Skip to main content

Vestanna McGuigan

My husband calls me a master chef, but the truth of the matter is that I am not a chef at all. To my mind a chef is a person who has studied in a culinary school and then tested their mettle in the bowels of a scullery led by an angry chef who growled orders about perfection and plating and classic French technique.

I am none of those things. I’m a simple Kansas woman. I was born in Kansas, become an army brat, and then came back to Kansas. I grew up poor and started cooking meals at the age of eleven, not out of any culinary desire but out of the necessity created by having a single mother who worked and younger siblings who needed care that she could not always provide. I made a lot of mistakes and through that early trial and error, which my family and I find amusing began a learning journey that continues.

Poverty teaches you to cook with what you have. Every meal is like an episode of chopped. How many different ways are there to cook tomato soup from a can or old russet potatoes? The possibilities are endless. Through that trial and error you find flavors that work together and learn which ones do not.

After a failed first attempt at college, I ran away to the deserts of New Mexico to try the life of a starving artist and there I learned even more about being poor and trying to eat with almost no budget. I learned from neighbors and bought day old bread and the path of flavor continued.

I came running back to Kansas, got a job, got married, and got laid off. I lived almost entirely off the land for two years. It was during that time that I really began to get an understanding of the variety of food you can find in Kansas. We ate almost solely what we caught, shot, grew, and canned. This diet was supplemented by the generosity of friends and family. A few sticks of butter from the small paycheck at the hardware store, a pound of bacon gleaned from my mom’s freezer added the necessary fat to a diet that consisted almost entirely of lean game meats like rabbit and deer and fish caught from the nearby creek or the Vermillion River. There was an apple tree on the farm, there was an abundance of native plants to pick like lamb’s quarter and cattails, and there was the garden.

How much less expensive to buy a pack of seeds that would yield so much more than the purchase of a single tomato. I learned as I went, and had to companion plant as much as possible because herbicides and pesticides were not only costly from a budgetary perspective, but also to the earth. How can one live off the land in such a way and not come to love it and desire to protect it?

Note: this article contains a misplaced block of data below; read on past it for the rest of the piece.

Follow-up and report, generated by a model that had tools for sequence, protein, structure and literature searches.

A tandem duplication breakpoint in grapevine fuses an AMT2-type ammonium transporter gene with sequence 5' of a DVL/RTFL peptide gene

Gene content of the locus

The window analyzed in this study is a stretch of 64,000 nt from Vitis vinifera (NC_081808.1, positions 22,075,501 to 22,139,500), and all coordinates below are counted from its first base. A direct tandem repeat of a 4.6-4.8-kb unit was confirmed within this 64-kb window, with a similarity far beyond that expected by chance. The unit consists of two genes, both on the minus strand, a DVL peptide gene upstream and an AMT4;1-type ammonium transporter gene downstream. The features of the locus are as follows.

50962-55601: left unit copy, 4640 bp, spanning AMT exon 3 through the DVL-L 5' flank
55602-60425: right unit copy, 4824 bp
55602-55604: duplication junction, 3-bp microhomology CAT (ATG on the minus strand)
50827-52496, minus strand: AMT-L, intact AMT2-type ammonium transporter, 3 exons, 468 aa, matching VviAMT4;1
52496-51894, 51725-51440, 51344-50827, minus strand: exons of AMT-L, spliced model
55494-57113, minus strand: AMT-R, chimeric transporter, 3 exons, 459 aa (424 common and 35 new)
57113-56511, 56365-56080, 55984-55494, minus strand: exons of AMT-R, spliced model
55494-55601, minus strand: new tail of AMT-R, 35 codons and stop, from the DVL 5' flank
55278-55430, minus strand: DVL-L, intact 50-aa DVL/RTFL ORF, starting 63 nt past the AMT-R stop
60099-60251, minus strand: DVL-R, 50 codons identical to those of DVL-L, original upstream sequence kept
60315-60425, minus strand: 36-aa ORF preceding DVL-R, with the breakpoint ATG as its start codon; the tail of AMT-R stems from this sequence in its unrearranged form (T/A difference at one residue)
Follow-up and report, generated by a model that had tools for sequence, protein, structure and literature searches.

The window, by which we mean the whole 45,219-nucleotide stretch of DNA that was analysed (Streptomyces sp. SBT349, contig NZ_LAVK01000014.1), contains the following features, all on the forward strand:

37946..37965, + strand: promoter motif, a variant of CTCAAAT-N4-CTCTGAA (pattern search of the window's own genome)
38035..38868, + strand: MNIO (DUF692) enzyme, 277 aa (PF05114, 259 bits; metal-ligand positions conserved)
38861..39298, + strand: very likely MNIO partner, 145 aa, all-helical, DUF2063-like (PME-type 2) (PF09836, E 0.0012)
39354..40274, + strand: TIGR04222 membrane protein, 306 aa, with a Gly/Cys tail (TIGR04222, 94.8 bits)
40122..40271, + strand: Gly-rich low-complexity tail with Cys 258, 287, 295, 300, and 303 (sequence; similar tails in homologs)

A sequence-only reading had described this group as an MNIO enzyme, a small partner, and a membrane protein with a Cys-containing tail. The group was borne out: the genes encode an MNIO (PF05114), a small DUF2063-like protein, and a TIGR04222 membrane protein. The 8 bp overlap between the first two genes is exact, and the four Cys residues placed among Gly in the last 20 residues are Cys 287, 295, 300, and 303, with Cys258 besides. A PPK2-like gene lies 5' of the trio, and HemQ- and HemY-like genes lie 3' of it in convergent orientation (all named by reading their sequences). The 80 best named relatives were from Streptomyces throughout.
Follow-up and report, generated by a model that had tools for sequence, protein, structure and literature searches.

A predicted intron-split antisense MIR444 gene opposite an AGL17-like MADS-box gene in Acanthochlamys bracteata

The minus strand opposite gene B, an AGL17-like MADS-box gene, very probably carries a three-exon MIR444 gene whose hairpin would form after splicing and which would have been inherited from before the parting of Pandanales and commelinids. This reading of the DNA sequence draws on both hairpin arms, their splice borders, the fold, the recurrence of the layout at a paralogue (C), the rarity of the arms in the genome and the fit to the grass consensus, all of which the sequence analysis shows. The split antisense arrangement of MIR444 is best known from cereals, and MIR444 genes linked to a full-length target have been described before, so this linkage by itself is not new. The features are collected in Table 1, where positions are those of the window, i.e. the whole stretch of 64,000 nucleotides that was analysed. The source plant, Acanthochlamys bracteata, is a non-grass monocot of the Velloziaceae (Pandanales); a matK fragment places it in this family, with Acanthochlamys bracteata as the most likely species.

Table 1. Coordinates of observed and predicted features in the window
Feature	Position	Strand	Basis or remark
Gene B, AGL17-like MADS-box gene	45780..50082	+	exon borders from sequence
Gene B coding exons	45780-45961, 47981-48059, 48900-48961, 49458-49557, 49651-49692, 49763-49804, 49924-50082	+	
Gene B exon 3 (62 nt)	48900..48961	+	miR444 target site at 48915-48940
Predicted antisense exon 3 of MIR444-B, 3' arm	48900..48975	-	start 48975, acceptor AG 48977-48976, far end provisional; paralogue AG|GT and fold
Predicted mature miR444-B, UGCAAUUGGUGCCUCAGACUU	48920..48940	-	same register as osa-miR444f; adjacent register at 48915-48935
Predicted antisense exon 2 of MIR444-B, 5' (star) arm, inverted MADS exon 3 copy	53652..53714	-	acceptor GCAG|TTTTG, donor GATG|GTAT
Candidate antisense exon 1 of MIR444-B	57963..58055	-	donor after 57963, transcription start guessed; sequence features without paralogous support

With the arrival of my first child, I knew that I could not raise him in such a way, and after a divorce and many difficult years of single parenthood I returned to school. While working three jobs, attending school full time, and raising my son our food sources changed from the garden and field and stream to the vision card and commodities. This is how I learned to be extremely selective in my purchases of ingredients, and to respect each ingredient in its own right and in how it paired with other ingredients.

With the completion of my degree, I moved to Topeka to seek a better income for myself and my son and to join my then boyfriend. He opened the door of fine dining for me, and with him my journey has continued as I travel and taste and experience the finer quality ingredients. Through my food journey which in many ways is also my life journey, I have never lost sight of the concept that each ingredient should have value in its own right.

As a result, I am, understandably, critical of the culinary skills of others and highly aware of their respect (or lack of respect) for the food that they cook and the people they serve it to. When I was struggling on how to update my profile, my husband said write about yourself or your family like you write about food. As you can see though, my life has been about food for a very long time. Not just the recipes and the restaurants, but about my family and friends because when I cook, I am giving to them all my love for them and all my experiences on a plate. To me, food should be more than merely a means to survival, it is a fundamental aspect of humanity that brings people together.